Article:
The potentially serious consequences of playing unlicensed music in public were highlighted by the Court of Appeal in a recent case brought by music licensing organisation PPL involving unlicensed music played in a bar. The case confirms that breach of an injunction against playing unlicensed music can lead to both a prison sentence and also punitive damages.
Public performance licences
Phonographic Performance Limited (known as PPL) is a leading UK music licensing organisation which represents performers and record companies and collects royalties on recorded music on their behalf. Any business which plays or performs music to customers or staff through the radio or TV or in other ways will normally need a public performance licence from PPL. In practice this is now usually combined with a licence from PRS for Music, which acts on behalf of songwriters, composers and music publishers, into a single licence – TheMusicLicence.
PPL, which is active in enforcing copyright in relation to recorded music played by music venues and others, had obtained an injunction against Andrew Ellis restraining him from playing unlicensed recorded music in public at the Bla Bla Bar. Unfortunately, Mr Ellis continued to play unlicensed music in breach of the injunction, and a suspended prison sentence for contempt of court was imposed. As was its practice in such cases, PPL then applied to the judge for an award of additional damages for flagrant copyright infringement under S.97(2) Copyright, Designs and Patents Act 1988 (CDPA), arguing that infringement in breach of a court order constituted flagrant infringement.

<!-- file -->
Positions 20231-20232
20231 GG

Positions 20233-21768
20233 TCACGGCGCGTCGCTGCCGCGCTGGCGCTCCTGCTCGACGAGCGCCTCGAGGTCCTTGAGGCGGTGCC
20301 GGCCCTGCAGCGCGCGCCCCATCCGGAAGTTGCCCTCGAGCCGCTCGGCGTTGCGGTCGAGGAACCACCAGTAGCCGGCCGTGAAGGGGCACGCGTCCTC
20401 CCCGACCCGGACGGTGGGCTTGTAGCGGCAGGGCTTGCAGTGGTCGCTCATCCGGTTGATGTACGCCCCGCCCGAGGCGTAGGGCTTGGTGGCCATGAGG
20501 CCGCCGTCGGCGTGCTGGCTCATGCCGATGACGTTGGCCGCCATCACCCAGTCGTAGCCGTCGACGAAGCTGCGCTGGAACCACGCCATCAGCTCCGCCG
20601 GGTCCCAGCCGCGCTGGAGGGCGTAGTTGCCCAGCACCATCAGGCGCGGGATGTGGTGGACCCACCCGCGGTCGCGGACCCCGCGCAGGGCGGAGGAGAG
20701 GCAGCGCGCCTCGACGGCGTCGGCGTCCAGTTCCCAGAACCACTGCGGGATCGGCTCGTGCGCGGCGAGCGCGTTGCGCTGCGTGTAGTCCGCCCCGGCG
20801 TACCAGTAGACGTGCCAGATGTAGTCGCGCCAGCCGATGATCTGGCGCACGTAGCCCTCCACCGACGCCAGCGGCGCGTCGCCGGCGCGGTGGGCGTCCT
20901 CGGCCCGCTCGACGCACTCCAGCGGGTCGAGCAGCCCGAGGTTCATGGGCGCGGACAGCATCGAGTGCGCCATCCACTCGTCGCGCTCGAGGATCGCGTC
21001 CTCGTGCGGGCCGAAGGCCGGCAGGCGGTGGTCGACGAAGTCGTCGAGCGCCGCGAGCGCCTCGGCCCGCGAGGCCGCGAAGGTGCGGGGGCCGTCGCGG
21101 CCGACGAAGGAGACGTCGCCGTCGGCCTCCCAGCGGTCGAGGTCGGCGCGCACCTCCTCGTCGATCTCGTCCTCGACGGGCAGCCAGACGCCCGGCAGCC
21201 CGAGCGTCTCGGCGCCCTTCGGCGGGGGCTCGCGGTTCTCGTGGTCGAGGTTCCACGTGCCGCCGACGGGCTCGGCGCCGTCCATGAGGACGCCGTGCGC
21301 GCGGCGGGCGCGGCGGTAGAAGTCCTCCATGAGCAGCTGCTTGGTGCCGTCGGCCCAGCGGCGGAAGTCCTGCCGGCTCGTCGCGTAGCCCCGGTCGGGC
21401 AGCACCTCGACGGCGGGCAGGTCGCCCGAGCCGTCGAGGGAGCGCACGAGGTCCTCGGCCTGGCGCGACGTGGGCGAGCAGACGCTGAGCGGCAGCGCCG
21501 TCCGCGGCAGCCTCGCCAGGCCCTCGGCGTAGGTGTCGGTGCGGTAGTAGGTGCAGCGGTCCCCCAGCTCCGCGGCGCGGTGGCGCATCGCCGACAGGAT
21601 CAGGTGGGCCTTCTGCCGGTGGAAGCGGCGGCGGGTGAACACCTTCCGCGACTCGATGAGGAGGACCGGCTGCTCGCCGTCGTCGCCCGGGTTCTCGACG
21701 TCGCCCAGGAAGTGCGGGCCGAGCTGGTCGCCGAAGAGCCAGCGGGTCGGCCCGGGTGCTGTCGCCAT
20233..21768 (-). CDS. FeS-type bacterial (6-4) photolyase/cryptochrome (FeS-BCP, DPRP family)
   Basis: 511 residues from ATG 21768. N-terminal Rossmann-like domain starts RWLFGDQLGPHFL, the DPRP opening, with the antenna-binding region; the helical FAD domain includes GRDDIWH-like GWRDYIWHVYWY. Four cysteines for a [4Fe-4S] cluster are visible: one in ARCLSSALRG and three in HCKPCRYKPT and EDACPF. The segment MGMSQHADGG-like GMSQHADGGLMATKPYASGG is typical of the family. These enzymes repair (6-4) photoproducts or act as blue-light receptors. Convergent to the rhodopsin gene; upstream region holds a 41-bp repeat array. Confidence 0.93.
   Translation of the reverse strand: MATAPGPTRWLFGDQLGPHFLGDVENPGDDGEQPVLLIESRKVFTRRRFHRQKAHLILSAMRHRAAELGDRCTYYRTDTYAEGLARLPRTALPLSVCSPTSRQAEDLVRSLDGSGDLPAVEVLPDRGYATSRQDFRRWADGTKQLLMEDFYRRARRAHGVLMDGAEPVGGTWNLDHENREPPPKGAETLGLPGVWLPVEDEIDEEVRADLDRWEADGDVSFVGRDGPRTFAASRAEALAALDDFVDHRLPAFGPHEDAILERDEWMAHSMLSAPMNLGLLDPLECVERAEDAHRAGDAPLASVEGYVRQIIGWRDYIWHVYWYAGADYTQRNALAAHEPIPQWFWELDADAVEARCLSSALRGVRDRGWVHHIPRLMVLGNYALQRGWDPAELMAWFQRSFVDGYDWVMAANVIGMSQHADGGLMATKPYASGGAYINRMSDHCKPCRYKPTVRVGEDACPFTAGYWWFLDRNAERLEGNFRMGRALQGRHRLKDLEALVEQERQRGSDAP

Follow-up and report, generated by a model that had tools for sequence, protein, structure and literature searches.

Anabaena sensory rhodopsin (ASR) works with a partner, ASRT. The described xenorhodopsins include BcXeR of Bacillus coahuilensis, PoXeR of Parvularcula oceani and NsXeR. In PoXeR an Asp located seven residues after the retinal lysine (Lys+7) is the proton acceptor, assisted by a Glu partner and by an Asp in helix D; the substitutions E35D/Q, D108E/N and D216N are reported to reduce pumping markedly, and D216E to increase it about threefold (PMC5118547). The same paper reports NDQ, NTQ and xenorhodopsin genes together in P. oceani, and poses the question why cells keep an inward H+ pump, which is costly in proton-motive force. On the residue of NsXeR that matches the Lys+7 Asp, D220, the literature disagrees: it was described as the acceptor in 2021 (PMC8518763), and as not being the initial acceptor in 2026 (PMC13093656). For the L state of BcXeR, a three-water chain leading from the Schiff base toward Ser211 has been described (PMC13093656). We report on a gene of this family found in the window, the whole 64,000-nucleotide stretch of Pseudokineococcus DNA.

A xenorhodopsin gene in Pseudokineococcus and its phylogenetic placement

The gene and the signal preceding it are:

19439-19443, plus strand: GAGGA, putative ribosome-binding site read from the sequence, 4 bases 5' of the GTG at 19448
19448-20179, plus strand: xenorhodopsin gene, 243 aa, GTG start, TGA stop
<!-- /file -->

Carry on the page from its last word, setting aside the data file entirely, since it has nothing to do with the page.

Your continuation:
A valuable deterrent effect
The Court confirmed that in the case of flagrant infringements, additional damages under S.97(2) CDPA could be imposed in addition to a custodial sentence (suspended in this case); additional damages have a punitive element and go beyond compensating the claimant for its loss. The court also confirmed that ‘in the ordinary way’ infringements which continue in the face of an injunction would be flagrant and so would attract additional damages. This established an important principle for PPL, which brings many such claims every year and had argued that additional damages have a valuable deterrent effect.
Extenuating circumstances in this case
However, the court held that in this particular case Mr Ellis had not intended to breach the court’s order. There appears to have been some uncertainty about who was responsible for obtaining a licence and a genuine misunderstanding on the part of Mr Ellis about ‘how these things work’. In such circumstances the infringements had not been flagrant and no additional damages should be awarded.
Case: Phonographic Performance Ltd v Andrew Ellis trading as Bla Bla Bar, 18/02/19  EWCA Civ 2812